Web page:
Garden Sensory Bin

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A garden sensory bin that kids will love to experiment with in the spring and summer. Perfect for kids ages three and up.

Garden Sensory Bin

Sensory bins are extremely fun! They come with so many possibilities and the kids always adore them. We have made many over the years filled with all sorts of things. Some of the bins are best used outside, while others are great kept indoors for rainy days. I always make sure to include plenty of materials in the bins so the kids can get creative and explore what’s inside. These Garden Sensory Bins are wonderful to have around during the year for days that are too hot. Take a look at what I put inside these bins.

Supplies Needed for Your Garden Sensory Bin

When making this sensory bin, I thought about what kids might like to play with if they were sitting in a garden bed. I imagined there would be garden critters, flowers, and dirt. The sensory bin gives them a cleaner way to become little gardeners.

  • Plastic Butterflies
  • Green colored Rice
  • Black Beans
  • Fake Flowers
  • Plastic terra cotta pot
  • Garden gloves or shovel
  • A bin to put it all in

I got my flowers, pot, and garden gloves and shovel from the Dollar Tree. The terra cotta garden pot came in a little pack of four so multiple kids can use them in the sensory bin. They were also from the Dollar Store. The butterflies can be found online or in your local craft store. They often come in a pack with other insects and plastic critters. Another option for the artificial flowers is to use foam flowers!

I use bins from the Dollar Tree. There are tons of different sizes with lids. When we are done with the bin, we just pop the lid on and store them on the shelf in the closet. As long as the materials inside don’t get wet, they keep for a really long time! It’s fun to tuck them away after a week or so and break them out again after a few months.

How to Assemble Your Garden Sensory Bin

To make this simple sensory bin, color your rice green to look like grass. You can follow these instructions for coloring rice. Once the rice is dry, dump it on one side of your bin. I used a piece of paper to hold the rice in place while I dumped the dry black beans into the other side. Now you should have the bottom of the bin full. Once side with beans and the other with rice.

Next, add your sensory objects. Place the butterflies, critters, tiny pots, and flowers on top of the beans and rice. Depending on how much room you have left, place the shovel and garden gloves inside as well. Otherwise, just give these materials to the kids when it’s time to play.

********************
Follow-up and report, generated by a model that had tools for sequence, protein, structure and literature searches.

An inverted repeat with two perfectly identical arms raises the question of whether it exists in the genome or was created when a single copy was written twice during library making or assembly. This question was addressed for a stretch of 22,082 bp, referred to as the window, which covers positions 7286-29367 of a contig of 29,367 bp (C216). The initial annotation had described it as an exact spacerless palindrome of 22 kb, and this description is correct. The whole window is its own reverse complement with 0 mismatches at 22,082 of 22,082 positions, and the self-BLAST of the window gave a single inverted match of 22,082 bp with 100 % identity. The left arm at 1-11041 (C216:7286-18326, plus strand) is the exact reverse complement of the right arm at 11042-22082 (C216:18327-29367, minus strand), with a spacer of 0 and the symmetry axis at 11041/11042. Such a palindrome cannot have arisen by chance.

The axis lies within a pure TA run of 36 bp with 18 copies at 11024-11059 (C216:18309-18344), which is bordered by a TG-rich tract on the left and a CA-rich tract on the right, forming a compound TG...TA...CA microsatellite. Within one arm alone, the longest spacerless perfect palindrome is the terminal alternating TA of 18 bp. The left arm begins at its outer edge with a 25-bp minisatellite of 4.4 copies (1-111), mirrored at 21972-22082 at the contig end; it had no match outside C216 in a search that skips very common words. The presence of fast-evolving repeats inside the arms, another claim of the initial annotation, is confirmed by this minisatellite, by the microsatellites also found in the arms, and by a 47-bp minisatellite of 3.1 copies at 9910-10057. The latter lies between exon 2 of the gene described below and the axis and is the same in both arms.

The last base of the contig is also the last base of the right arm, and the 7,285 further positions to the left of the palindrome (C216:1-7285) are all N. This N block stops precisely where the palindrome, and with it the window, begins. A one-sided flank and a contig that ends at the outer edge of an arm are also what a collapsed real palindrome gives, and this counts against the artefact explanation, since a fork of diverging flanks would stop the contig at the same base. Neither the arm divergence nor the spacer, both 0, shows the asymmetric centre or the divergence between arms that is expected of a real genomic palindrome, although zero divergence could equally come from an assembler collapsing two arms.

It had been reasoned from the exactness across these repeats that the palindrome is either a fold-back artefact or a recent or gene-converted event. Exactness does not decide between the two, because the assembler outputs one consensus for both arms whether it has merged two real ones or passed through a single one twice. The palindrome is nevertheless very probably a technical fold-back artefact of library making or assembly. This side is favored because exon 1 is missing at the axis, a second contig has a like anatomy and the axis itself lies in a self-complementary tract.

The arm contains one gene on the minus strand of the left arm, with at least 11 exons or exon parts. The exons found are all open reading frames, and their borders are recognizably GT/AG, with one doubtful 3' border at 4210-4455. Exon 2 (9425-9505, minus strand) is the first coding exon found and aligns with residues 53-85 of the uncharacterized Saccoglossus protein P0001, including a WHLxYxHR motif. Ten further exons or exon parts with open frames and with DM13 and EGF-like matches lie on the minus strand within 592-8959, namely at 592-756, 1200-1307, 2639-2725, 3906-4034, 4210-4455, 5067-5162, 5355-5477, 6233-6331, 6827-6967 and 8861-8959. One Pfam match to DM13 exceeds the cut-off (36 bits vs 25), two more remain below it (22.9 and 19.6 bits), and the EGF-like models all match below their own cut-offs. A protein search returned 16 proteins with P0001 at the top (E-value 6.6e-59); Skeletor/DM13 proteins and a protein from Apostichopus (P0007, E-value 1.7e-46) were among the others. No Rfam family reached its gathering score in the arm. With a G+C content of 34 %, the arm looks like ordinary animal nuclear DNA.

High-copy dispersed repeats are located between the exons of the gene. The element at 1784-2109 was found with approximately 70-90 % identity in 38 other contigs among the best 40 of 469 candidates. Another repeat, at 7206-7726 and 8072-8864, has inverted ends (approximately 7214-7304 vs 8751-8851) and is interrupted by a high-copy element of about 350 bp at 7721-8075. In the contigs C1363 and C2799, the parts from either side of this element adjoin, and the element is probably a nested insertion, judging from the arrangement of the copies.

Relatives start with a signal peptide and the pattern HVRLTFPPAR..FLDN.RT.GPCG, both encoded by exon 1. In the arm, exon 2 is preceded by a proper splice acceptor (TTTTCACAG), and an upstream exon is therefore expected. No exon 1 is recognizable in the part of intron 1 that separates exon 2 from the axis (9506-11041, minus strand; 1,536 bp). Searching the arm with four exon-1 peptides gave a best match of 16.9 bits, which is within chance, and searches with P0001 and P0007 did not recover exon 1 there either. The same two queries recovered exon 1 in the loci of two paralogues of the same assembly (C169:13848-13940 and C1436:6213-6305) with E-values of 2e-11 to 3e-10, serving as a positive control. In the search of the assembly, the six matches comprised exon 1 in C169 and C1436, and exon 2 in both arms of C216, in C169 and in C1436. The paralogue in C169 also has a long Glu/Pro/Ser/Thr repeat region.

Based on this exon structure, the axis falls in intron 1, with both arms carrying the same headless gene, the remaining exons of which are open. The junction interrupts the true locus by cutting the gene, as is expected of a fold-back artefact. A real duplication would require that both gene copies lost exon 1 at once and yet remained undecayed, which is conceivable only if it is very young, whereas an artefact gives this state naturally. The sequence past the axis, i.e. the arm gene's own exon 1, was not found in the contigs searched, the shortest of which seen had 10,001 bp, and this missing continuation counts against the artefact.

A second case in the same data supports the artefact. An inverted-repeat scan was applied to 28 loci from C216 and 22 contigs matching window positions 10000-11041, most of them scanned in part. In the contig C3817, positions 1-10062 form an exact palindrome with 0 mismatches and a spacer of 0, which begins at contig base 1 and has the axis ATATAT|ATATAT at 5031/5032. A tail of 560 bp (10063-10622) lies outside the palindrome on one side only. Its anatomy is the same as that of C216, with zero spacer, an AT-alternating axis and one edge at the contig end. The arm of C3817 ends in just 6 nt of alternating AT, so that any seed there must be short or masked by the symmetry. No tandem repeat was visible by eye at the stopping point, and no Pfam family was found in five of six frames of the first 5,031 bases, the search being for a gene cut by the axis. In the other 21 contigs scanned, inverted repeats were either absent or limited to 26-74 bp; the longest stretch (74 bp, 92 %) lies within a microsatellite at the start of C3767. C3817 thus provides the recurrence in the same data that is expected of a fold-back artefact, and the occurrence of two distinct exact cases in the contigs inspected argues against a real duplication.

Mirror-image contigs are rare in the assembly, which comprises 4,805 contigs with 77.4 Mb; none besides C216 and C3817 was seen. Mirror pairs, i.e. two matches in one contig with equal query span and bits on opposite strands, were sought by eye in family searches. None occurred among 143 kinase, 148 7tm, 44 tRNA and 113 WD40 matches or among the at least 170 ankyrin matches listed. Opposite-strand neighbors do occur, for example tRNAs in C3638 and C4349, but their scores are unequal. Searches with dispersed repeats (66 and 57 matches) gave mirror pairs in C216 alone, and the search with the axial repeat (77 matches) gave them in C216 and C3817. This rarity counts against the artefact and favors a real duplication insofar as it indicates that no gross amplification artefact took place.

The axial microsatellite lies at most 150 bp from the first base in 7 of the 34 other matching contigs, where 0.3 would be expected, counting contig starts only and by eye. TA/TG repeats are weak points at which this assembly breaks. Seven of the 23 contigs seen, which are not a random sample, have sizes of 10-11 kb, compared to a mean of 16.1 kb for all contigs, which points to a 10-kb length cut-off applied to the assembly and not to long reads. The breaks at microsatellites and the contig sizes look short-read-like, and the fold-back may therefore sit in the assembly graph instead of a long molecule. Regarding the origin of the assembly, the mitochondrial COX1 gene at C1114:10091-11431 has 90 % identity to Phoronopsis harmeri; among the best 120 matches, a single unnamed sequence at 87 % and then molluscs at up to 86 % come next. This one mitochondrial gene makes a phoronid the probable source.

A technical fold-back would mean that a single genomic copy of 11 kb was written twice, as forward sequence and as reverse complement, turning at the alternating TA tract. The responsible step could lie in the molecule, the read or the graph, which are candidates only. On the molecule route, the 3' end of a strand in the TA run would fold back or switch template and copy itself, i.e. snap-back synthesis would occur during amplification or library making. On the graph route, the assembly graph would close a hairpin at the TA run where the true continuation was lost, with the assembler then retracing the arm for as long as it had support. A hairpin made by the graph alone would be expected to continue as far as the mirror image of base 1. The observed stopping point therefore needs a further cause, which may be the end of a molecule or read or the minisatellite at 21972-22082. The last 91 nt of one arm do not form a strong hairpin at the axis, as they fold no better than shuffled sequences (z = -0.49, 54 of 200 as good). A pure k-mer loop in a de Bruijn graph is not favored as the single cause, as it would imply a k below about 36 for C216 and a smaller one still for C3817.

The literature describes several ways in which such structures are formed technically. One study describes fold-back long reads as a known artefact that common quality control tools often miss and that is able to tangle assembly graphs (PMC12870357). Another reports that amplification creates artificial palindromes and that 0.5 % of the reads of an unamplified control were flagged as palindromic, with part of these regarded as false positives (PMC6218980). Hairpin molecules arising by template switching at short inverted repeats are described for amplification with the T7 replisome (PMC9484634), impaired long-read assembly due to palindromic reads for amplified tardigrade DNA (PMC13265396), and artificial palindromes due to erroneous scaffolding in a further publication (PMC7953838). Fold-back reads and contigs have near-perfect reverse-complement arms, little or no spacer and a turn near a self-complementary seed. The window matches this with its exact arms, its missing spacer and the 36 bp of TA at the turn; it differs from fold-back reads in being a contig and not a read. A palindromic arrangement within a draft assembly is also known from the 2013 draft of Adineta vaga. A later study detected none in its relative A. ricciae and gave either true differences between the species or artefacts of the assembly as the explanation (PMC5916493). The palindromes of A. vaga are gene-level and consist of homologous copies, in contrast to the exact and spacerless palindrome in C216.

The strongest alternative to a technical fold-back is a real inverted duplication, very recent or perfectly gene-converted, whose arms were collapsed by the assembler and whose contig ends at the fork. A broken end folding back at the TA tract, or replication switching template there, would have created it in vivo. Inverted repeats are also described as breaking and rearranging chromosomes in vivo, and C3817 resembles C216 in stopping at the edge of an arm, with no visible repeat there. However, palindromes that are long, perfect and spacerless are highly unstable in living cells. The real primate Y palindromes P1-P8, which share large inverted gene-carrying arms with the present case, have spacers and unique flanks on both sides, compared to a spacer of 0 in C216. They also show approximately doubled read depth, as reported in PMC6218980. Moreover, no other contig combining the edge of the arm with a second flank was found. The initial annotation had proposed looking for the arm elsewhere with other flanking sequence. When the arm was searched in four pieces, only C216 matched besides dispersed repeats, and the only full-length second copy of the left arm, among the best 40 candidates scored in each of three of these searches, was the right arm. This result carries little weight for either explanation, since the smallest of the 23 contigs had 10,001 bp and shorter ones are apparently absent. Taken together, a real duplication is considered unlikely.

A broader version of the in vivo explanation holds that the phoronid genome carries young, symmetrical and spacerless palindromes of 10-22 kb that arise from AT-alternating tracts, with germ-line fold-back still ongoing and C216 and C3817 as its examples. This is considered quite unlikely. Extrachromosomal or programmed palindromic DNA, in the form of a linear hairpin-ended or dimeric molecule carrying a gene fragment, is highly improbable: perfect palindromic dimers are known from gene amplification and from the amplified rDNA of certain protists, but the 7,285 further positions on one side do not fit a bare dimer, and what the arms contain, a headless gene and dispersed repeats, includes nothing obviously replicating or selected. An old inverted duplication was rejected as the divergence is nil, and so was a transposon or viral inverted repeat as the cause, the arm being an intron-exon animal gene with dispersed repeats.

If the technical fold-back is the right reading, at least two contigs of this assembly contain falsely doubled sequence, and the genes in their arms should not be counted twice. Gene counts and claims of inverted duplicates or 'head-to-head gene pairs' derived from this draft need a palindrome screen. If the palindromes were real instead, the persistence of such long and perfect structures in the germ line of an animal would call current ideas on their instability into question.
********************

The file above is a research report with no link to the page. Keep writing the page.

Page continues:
Now it’s time for the best part: letting the kids play with their new sensory tub. This tub is fantastic for sensory development, cognitive development, and even language development. We talk about how the objects feel and interact with one another. We also learn new vocabulary with any new objects they may have never seen before! It’s the perfect sensory bin for little ones in the spring and summer.

What Do You Fill Sensory Bins With?

Filling a sensory bin is simple! Mostly because you can add anything you want to a bin, as long as you’re willing to deal with any messes your little ones make. Popular sensory bin items are plain or colored rice, dry beans, water, sensory sand, popcorn kernels, wooden beads, water beads, and shaving cream. The possibilities are endless. There are some super fun ways to make your sensory bins themed for the holidays too.

Make a Vegetable Sensory Garden

Instead of adding plastic critters, add plastic vegetables that your little learners can play around with. Give them the same shovel and garden gloves and let them practice their green thumb while growing pretend crops. They will love creating their own veggie patch.

Do Sensory Bins Work?

Sensory bins are said to create a sense of calm, encourage social skills, and encourage kids to use pretend play. I have found that my kids are very focused while using them. They love experimenting with their sense of touch (the smooth rice, the bumpy beans, etc).

Are Dried Beans a Choking Hazard for Toddlers?

Yes! Dried beans and other small objects are a choking hazard for kids who put things into their mouths. Please keep this in mind when creating your bins. Either choose objects they can’t choke on or make sure they are past the phase of putting things in their mouth before letting them play with dry beans. With that being said, the best age to start sensory bins is ages 3 and up.

When Halloween rolls around, be sure to check out my Spooky Halloween Sensory Bin! The kids love it every year.

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